What is TRIPS and how does it affect pharmaceutical patents?

On 15 April 1994, the European Union and its member States signed the Agreement on Trade-Related Aspects of Intellectual Property Rights (TRIPS) sponsored by the World Trade Organisation, which established rules for intellectual and industrial property (IP) rights as part of the wider harmonisation of the world’s multilateral trade system.

The Court of Justice of the European Union (CJEU) understood TRIPS as a “mixed” agreement, insofar as EU Law was not sufficiently developed in IP matters to lend the EU exclusive powers to make international agreements in this area. Hence, TRIPS was not negotiated and made by the EU alone, but also by the member States, which also had to sign.

Ruling on the interpretation of TRIPS, the CJEU found in the 2007 case C-431/05 Merck Genéricosthat the courts of the member States are competent to interpret the Agreement’s terms wherever they refer to an area that is insufficiently developed in EU law.

Meanwhile, article 207 of the Treaty on the Functioning of the European Union (TFEU), which entered into force on 1 December 2009, assigned exclusive competence for IP matters to the EU. As a result, the defendant in the suit filed by Merck Sharp & Dohme Corp. against a Spanish generics firm for infringement of the patent for the drug “Losartan” petitioned the Spanish Supreme Court, in view of the domestic courts’ unfavourable interpretation of TRIPS, to seek a preliminary ruling from the CJEU to determine whether the entry into force of the TFEU meant that the Court of Justice now had sole competence to interpret the Agreement. In line with the EU’s acte clair or “clear act” doctrine, the Supreme Court found that this question had in fact already been resolved and that there was no need to raise a preliminary question to the CJEU. The generic drugs firms were found to have infringed the patent in the final judgment issued on 5 December 2002.

Meanwhile, on 18 July 2013, the CJEU ruled in case C-414/11 Daiichi on a preliminary question brought by a Greek court, differing in its judgment only partially from the Spanish Supreme Court’s interpretation of TRIPS in the matter of patentable inventions.

Retroactivity of CJEU rulings and effects on judgments handed down by the Spanish courts

Let us recall that the CJEU in general interprets legislation ex tunc or retroactively, referring to the regulation in question as it should have been understood and applied as of the moment at which it entered into force. Hence, “the rule so interpreted can and should be applied by the court even to legal relations arising and established before the judgment ruling on the request for interpretation was issued” (case C-626/12, Vent de Colère).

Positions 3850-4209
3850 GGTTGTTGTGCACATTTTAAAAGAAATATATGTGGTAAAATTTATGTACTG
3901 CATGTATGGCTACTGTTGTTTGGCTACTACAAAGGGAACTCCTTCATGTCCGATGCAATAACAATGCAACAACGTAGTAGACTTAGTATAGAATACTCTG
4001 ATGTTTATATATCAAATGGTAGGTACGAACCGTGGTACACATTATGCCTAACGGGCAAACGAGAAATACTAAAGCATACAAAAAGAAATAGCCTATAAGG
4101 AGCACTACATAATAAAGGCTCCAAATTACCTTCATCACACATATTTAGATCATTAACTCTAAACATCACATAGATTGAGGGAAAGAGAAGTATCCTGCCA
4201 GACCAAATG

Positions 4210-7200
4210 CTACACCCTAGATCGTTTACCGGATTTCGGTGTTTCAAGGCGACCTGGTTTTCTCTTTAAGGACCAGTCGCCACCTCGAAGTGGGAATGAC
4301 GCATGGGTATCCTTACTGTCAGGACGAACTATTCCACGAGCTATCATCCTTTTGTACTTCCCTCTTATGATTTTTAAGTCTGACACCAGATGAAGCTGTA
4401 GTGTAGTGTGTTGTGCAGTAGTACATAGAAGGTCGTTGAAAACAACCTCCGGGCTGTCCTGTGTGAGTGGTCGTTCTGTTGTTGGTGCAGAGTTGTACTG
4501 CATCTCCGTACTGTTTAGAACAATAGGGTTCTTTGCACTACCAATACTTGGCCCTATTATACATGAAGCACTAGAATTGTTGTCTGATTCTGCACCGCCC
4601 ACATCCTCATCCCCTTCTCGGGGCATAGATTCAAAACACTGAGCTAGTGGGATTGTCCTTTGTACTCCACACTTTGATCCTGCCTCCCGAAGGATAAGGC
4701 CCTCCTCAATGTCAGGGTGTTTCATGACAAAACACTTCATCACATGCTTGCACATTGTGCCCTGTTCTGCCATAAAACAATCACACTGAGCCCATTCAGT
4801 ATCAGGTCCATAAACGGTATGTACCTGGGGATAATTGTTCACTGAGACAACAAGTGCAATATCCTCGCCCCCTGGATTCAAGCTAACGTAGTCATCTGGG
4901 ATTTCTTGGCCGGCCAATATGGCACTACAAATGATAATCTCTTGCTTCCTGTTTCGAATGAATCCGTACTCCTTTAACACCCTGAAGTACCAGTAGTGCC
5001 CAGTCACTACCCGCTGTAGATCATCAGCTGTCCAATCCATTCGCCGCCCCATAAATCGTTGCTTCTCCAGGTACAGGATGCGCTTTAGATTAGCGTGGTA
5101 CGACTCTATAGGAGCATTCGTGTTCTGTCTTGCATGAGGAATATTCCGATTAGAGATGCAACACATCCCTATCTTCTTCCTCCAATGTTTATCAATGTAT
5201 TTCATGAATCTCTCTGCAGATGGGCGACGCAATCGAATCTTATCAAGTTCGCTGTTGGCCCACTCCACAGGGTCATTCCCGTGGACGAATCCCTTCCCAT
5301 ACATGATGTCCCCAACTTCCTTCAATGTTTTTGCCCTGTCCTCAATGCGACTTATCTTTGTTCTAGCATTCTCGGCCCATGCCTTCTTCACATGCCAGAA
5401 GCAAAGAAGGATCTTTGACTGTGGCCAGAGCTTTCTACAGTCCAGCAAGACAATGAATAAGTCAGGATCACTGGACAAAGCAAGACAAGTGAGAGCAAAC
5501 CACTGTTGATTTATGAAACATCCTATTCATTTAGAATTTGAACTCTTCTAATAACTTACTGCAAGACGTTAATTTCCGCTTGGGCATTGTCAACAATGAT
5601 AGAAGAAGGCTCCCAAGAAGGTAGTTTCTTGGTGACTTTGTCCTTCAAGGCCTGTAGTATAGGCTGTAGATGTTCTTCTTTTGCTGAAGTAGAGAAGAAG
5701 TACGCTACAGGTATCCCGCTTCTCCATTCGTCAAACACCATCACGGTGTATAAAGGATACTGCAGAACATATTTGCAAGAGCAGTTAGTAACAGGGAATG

In case C-453/00 Kühne & Heitz, meanwhile, the CJEU found that the ex tunc effect of its rulings could result in the revocation of government decisions, even where final, if they were contrary to the Court’s subsequent interpretation, provided the national law in question admitted the possibility of extraordinary review of such decisions, among other conditions. As a result, numerous national courts then asked whether this doctrine could be extrapolated not only to final government decisions, but also to the final judgments handed downs by the courts (i.e. with the force of res judicata).

This matter was taken up by the CJEU in case C-234/04, underscoring the force of the res judicata principle. In case C-40/08 Asturcom and the more recent Pizzaroti case of 2014, the CJEU recalled that EU law does not require a national court to reconsider any earlier ruling for it to take into consideration the eventual interpretation of a precept handed down by the Court of Justice.

In short, the ex tunc effect of the CJEU’s interpretative rulings does not apply to unalterable prior situations, including inter alia the findings of unappealable final judgments (res judicata) as determined by the national procedural law of each member State, provided such judgments respect the EU principles of equivalence and effectiveness.

Even so, the Spanish generics manufacturer found guilty of infringing the Losartan patent sought a review of Supreme Court’s judgment of 5 December 2012 based on a flexible interpretation of theKühne & Heitz ruling, in spite of the fact that this case law applies only to final government decisions, on the grounds that the outcome of the Losartan case would have been different had the later CJEU ruling in the Daiichi case been applied. While Spanish procedural law does in fact allow motions to review final judgments, this possibility is highly restrictive, requiring among other conditions the recovery after the judgment of key documents which could not be considered in the trial proceedings for reasons of force majeure, a situation that did not arise in the Losartan case.

Accordingly, the Supreme Court ruled in its judgment of 18 February 2016 in the first place that a subsequent ruling of the CJEU is not a document that would permit the review of a final judgment under Spanish procedural law, and in the second that the res judicata principle prevails over the review of final judgments handed down by the courts in accordance with the CJEU’s own doctrine.